A year ago the German banker and Social Democrat Thilo Sarrazin caused a stir in Germany — and the rest of Europe — when he wrote the book Germany Abolishes Itself. As a man of the Left, his criticism of Muslim immigration created more uproar than it would have if it had been written by a “right-wing extremist”. The scandal was intensified by his assertion that mass Muslim immigration is lowering the average IQ of the German population.
On the occasion of the first anniversary of the publication of his book, Die Zeit interviewed Thilo Sarrazin. Many thanks to JLH for the translation:
“Wow, This Sarrazin!”
Encounters with “head-scarf girls” and other fans: The best-selling author and Social Democrat, Thilo Sarrazin, on the year that has changed his life.
Superficially, it is like our interview of exactly a year ago. Thilo Sarrazin enters the capitol office of Die Zeit. This time he does not have a backpack, but a brown briefcase and in it his book and a red Lever Arch file with articles on intelligence, press articles, material, so he can be — as he says — forearmed for all questions. But Sarrazin will only open the file one time. We did not want to argue with him again about his thesis. We wanted to know something else: what has the past year been like? And incidentally: what has he done with his money? What indeed, in a year of change in energy policy? He has remodeled his house into an eco-house.
Zeit: Has the Sarrazin debate changed Thilo Sarrazin? Sarrazin: Yes, naturally. Everyone is happy to be successful. At any rate, I would never have thought — not even last year when you interviewed me — that questions that occupy me also occupy so many other people. Whether I gave the right answers, that is another question. Zeit: And how has the debate changed you? Sarrazin: I have lost some of my illusions concerning whether the human being is good or not. I have also become harder. Zeit: In regard to the subject of integration? Sarrazin: In regard to myself, as concerns the world and how it works. Before, there were some bright spots. They are somewhat dimmed down. Zeit: Do you have more friends or fewer friends than before the appearance of your book? Sarrazin: I still have all of my old friends and I have gained some new ones. When — a few days before the advance copies, Federal Bank president Axel Weber pushed for my dismissal from the board and the SPD chair decided on my ouster, when the Federal President and Chancellor commented negatively — that upset me a little. I had never intended to put my civil reputation and my work at the Bank at risk. I called old friends and asked: Did you buy my book? Read it and give me an honest reaction. Every reply had the same thrust: We see this or that differently, but we do not find anything offensive or bad in it. Zeit: There has never been so much talk about Muslims and Germans and between Muslims and Germans in the Federal Republic as in this Sarrazin year. Have you performed a service in respect to integration? Sarrazin: There are interesting indicators for that. My party colleague and sometime friend, Heinz Buschkowsky… Zeit: …district mayor of Berlin-Neukölln… Sarrazin: …was despised and ridiculed in much of the Berlin SPD. In leadership circles he and his concerns were the butt of jokes. When they wanted to expel me from the party, they needed a recognized critic of integration. That was the revival of Heinz Buschkowsky. He thanked me for that. Zeit: Have you become better acquainted with Muslims in the past year? Sarrazin: We had an exchange about that in our last interview. Zeit: But that was before the publication of your book. Sarrazin: Correct. At that time, I told you that the analysis of statistical indicators of attitude toward integration is independent of whether you personally know some of those being investigated. Excuse the rather daring comparison: If Edward O. Wilson is writing about social habits of ants, he need not have spoken to any one ant personally. Zeit: Let’s not argue about your propositions. Let’s discover how you have experienced this last year. Sarrazin: I did not systematically seek out acquaintances among Muslims, but I had a series of experiences. I traveled a lot and in train stations, two or three times, young men of obvious Turkish or Arabic origin confronted me aggressively. When they saw me in the train they hit their fists against the window. Zeit: Apparently you have become a cult figure or integration icon. Sarrazin: It varies a great deal. I get many positive responses from integrated Turks. Recently, when I was in Berlin-Neukölln for a TV broadcast, a couple of young girls in headscarves approached me: “Are you Sarrazin? Do you think we are stupider than the others?” I said that I had never said that. Anyway, then they began joking: “May we take a picture?” Zeit: It sounds as if the girls managed to rattle you. Sarrazin: (laughs) Usually I get along well with women. Zeit: How was it for you when “headscarf girls” spoke to you? Sarrazin: It was hilarious. Zeit: Admit it, you liked it. Sarrazin: A young woman with a headscarf sat in my course in Speyer. At the end of the semester, she came to me and said, That was a good lecture, but can I not perhaps see the matter of the headscarf differently? I said, “If you want to wear a headscarf at the age of 26, I will do nothing to stop you.” Zeit: Have you thought: Well, OK, maybe “headscarf girls” aren’t “produced,” perhaps they are made now and then with love? Sarrazin: Children develop as they develop…. Zeit: Oh, I see… Sarrazin: …There was one more interesting encounter. At the end of December, the federal center for political education brought me together for a talk with eight Arabic and Turkish graduates of the Otto Hahn comprehensive school in Neukölln. Four girls, four boys. All four girls were wearing headscarves. One of them looked at me boldly and asked what she could do to integrate better, I said: “You speak perfect German. If you take off the headscarf, you will look like an Italian or a Spaniard. In Germany, you are automatically integrated. You consciously set yourself off from the majority population by your choice of clothing. You want people to notice that you are different.”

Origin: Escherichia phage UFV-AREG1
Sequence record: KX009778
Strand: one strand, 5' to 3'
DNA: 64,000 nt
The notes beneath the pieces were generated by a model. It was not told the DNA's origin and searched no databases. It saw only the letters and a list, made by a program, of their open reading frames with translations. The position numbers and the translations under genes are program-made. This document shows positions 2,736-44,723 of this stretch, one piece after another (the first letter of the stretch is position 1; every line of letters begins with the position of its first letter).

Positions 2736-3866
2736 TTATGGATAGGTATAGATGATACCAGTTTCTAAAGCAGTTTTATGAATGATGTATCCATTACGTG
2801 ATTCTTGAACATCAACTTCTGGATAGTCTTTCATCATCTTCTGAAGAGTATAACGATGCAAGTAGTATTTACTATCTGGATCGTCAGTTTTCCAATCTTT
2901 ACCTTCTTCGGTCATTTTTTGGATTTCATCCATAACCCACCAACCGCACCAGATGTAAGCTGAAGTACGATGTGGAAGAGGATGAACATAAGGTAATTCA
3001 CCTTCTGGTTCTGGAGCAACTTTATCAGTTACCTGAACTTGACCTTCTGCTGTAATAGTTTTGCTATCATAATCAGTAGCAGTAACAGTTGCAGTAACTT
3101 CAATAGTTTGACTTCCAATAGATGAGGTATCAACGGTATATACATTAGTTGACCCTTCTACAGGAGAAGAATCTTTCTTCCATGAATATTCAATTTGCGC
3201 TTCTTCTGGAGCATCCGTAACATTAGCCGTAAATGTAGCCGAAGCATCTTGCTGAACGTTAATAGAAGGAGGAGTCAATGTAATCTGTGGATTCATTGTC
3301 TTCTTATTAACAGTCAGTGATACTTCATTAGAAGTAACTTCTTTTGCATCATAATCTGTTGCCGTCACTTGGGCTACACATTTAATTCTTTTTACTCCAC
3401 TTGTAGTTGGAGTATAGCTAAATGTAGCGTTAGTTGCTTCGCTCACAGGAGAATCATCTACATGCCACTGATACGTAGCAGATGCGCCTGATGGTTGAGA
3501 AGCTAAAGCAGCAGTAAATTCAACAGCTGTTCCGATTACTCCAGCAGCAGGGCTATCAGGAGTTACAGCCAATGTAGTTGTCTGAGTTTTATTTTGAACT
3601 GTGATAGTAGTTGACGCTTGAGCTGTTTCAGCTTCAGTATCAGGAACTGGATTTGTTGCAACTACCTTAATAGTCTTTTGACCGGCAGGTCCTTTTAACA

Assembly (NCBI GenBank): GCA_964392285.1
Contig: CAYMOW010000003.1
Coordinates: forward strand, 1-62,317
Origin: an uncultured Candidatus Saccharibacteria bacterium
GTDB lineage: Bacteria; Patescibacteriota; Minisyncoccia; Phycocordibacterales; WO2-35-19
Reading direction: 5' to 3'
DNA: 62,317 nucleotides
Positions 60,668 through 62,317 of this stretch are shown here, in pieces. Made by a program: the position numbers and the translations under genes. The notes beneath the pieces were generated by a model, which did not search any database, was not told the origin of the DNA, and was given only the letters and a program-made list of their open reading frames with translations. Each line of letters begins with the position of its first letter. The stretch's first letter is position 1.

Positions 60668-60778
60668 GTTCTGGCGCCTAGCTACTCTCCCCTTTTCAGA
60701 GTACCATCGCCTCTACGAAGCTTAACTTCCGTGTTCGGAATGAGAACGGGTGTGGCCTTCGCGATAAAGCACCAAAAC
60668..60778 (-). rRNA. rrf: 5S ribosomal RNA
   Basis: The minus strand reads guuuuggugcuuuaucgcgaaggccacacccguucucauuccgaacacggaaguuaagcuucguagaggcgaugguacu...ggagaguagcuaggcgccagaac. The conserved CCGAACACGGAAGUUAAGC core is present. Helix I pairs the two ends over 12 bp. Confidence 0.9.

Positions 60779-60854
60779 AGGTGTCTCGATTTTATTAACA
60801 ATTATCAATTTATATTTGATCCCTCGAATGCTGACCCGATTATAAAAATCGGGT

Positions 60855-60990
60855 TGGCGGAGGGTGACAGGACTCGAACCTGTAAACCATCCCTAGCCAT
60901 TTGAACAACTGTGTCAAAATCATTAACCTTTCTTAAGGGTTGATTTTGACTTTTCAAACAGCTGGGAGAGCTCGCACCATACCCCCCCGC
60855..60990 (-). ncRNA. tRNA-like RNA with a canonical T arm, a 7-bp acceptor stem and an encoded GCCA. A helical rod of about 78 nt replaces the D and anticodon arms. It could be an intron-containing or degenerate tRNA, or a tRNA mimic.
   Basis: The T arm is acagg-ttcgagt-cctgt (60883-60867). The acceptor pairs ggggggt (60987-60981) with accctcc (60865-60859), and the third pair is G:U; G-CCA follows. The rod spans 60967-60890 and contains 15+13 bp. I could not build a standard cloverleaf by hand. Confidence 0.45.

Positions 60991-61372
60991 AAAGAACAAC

She answered: No, the headscarf was required by her religion. With my smattering of knowledge, I replied: “The Koran does not demand the headscarf. It is possible to be a good Muslim without a headscarf.”
The eight graduates stirred, they all denied that. They said, you have to observe the clothing requirements strictly. Finally, I asked: “So you believe that all the requirements in the Koran are absolutely valid?” All of them said yes. Then again me: “In the Koran it says that a man can have four wives,” and I asked the bold girl, What if you husband has four other wives besides you? She: “If he treats all of us alike, that is all right.”